Fairfax and News’ campaigning included extensive support for the Thomas Kelly Foundation, a small (and worthwhile) organisation set-up to help young people get home from nightspots safely. It was named in honour of another young man killed in a one-punch assault in 2012.

The corporate supporters of the Thomas Kelly Foundation include… you guessed it, Star City Casino and James Packer. Arguably the two biggest beneficiaries of the Sydney lock-out laws.

Alas, Fairfax (and News Limited) won’t be able to exploit the death of Cole Miller quite so effectively. As the reported yesterday, the Queensland Government has already announced it’s committed to legislation to “quell” one-punch assaults, by shutting licensed venues down early.

“Queensland Attorney-General Yvette D’Ath said the state Labor government was “absolutely committed” to its anti-violence legislation in the wake of the one-punch killing of [Cole Miller],” reported the Brisbane Times.

“That legislation would include last drinks at 2am across the state and 1am lock-outs for venues that had successfully applied for 3am last drinks.”

Looks like the media will have to find another literal beat-up to exploit.

The multi-million dollar question, of course, is do lock-out laws prevent one-punch attacks and make people safer? That’s an area of statistics Fairfax and News Corporation have been less motivated to report.

New Matilda is working on a feature at the moment, and we’ll get it to you as soon as we can. But by way of early indications, last year, alcohol-related assaults in the Sydney CBD and Kings Cross did, indeed, drop. But not as dramatically as they did in regional NSW, an area clearly unaffected by the lock-out laws brought to you by Fairfax and News.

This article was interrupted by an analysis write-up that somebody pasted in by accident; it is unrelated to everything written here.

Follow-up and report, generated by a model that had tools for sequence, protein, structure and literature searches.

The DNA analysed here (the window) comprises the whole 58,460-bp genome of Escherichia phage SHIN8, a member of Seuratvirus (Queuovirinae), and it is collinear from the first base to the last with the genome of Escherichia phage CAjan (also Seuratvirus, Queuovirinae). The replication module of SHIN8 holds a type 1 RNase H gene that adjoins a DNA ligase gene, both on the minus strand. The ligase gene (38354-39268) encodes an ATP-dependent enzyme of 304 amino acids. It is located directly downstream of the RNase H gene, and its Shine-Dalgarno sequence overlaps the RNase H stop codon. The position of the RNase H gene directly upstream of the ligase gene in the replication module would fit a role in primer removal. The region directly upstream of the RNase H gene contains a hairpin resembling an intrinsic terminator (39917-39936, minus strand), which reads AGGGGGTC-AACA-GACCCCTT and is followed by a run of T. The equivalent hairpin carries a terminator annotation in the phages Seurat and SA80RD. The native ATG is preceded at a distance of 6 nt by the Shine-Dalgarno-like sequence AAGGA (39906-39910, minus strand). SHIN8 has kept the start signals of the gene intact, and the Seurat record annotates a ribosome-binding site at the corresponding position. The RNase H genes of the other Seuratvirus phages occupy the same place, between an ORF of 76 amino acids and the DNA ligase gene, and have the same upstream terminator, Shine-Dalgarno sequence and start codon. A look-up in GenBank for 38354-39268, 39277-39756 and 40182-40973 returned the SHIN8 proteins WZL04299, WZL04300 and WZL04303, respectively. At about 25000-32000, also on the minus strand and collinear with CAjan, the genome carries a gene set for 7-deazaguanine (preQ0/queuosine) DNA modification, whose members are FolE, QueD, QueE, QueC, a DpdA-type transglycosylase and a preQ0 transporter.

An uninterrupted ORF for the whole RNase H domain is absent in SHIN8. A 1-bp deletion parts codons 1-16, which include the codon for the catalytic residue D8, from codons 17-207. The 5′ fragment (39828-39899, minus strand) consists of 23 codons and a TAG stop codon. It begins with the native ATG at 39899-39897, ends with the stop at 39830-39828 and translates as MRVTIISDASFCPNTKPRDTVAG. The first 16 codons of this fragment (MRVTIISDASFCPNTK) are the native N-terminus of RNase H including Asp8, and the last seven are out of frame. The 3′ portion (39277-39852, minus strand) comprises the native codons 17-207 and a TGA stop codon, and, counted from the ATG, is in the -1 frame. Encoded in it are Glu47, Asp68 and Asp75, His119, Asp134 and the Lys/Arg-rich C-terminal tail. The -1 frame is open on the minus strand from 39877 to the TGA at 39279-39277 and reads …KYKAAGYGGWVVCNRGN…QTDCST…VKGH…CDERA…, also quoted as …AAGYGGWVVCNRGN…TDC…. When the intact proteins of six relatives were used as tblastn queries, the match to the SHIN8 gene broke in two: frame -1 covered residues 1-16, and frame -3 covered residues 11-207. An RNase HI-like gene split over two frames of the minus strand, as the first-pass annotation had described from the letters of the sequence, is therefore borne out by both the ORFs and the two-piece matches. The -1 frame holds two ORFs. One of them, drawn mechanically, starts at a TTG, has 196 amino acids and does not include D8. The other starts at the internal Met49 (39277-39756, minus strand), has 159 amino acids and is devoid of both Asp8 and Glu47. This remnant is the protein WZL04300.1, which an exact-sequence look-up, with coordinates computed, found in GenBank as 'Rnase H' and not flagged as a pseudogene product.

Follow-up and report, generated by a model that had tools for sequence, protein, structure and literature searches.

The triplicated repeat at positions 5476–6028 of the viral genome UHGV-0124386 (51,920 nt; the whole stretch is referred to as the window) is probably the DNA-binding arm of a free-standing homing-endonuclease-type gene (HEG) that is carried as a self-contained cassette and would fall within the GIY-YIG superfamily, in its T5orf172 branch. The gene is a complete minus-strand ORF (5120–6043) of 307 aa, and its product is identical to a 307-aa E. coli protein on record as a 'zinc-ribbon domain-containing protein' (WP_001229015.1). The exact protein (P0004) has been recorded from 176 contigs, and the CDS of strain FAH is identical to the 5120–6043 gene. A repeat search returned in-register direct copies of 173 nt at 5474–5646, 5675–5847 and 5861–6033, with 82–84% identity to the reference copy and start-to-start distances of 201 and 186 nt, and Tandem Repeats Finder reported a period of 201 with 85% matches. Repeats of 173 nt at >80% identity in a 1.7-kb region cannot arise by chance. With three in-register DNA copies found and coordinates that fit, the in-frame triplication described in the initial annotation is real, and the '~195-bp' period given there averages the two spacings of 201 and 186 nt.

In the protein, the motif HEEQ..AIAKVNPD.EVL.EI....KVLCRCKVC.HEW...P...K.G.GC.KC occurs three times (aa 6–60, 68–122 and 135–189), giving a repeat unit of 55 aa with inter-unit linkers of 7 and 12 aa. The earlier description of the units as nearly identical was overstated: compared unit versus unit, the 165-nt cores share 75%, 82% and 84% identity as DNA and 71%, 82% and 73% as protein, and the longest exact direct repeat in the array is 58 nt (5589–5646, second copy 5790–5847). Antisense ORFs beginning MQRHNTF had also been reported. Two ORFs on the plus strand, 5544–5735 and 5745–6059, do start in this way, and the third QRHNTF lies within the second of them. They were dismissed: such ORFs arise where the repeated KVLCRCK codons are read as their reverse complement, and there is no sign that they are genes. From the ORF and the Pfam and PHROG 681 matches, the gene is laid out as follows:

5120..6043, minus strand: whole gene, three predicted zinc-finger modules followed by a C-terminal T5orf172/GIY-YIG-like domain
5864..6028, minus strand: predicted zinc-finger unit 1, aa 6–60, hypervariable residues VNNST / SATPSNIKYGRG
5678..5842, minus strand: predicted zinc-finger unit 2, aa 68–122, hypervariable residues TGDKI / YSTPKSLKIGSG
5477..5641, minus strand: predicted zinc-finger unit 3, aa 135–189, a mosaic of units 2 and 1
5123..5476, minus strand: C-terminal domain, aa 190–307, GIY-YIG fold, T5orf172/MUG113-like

In the meantime, RIP Cole Miller and Trevor Duroux, the facts around which, it’s worth noting, include one final insult to add to his fatal injury.

Trevor Duroux’s extended family hails from Bowraville on the NSW mid-north coast.

Bowraville, New Matilda readers will recall, is where three Aboriginal children were murdered in separate incidents over a six month period in the early 1990s.

Those killings – which included the death of Clinton Speedy Duroux, 16, along with Evelyn Greenup, 4, and Colleen Walker Craig, 16 – were ignored by police and media. Instead, child protection officers were sent in to investigate the community under suspicion of child abuse.

It later transpired all three children had been killed by, police now believe, a local white man. The community has been fighting ever since to get new laws passed to prosecute a serial killer, who continues to live freely in NSW.

Needless to say, the families of Bowraville have had far less success in their campaigning than Fairfax.

* A follow-up to this blog post has been published here, and puts to rest the ridiculous claims that the coverage around Cole Miller – and indifference to Mr Duroux – was related to the ages of the deceased.

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Chris Graham is the publisher and editor of New Matilda. He is the former founding managing editor of the National Indigenous Times and Tracker magazine. In more than three decades of journalism he's had his home and office raided by the Australian Federal Police; he's been arrested and briefly jailed in Israel; he's reported from a swag in Outback Australia on and off for years. Chris has worked across multiple mediums including print, radio and film. His proudest achievement is serving as an Associate producer on John Pilger's 2013 film Utopia. He's also won a few journalism awards along the way in both the US and Australia, including a Walkley Award, a Walkley High Commendation and two Human Rights Awards. Since late 2021, Chris has been battling various serious heart and lung conditions. He's begun the process of quietly planning a "gentle exit" after "tying up a few loose ends" in 2024 and 2025. So watch this space.